A recent decision under the Alberta Employment Standards Code, 1611827 Alberta Inc. v. Shrestha, highlights the importance of understanding how “work” is very broadly defined under employment standards legislation.

In the summer of 2019, a worker immigrated to Canada and was struggling to find work in Alberta. After being connected with a pizzeria, the owner decided to take on the worker but later claimed she was not hired to perform work, but simply to be trained or to observe the work in the pizzeria.

The worker believed she was hired at a rate of $10/hour when she commenced in February 2020. She also believed she would get more hours once she was trained.

In the following months the owner would text her what hours to attend at the pizzeria and asked her to ‘come to work’ in one such text. The worker stated that she did more than observe, that she washed dishes, prepared toppings for the pizza, removed product from the freezer and cleaned tables. She also accompanied the owner’s wife on trips to get supplies for the pizzeria.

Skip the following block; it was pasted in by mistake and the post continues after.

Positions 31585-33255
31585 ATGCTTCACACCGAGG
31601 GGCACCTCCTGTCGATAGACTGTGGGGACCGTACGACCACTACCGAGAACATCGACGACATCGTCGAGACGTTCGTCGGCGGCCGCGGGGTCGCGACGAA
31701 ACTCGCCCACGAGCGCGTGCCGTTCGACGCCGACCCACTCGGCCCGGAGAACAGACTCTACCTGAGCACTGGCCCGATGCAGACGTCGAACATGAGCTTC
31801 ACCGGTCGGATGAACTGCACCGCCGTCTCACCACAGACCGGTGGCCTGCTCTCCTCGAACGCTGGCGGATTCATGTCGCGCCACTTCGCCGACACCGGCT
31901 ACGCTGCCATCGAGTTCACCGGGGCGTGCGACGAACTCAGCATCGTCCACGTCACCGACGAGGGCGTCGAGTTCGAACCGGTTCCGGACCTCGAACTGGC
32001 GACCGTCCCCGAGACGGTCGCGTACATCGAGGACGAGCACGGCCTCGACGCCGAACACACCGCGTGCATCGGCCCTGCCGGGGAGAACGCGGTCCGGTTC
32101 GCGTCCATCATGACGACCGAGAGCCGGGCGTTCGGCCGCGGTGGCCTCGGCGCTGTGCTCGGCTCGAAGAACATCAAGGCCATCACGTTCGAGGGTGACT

Ultimately the pizzeria paid her about $1000, but when the worker requested her proper wages, the owner claimed the $1000 was simply a loan (there was no loan documentation of any kind).

The worker filed a claim for unpaid wages including all statutory entitlements to overtime, vacation pay and holiday pay. The Employment Standards Officer determined she had performed work and ordered the employer to pay $5600.

The employer appealed and the Alberta Labour Relations Board upheld the Officer’s findings.


Occasionally employers will bring on new hires to shadow another employee, take part in a week or two of training, or bring them in on a “trial basis” to see if the employee is a good fit. The employer elects in this situation not to pay the employee as they believe no actual work is being done. This approach, however, will invariably run afoul of employment standards legislation given the broad definition applied to “work”.

If you would like to discuss any of the above in greater detail, we recommend reaching out to speak to an e2r™ Advisor.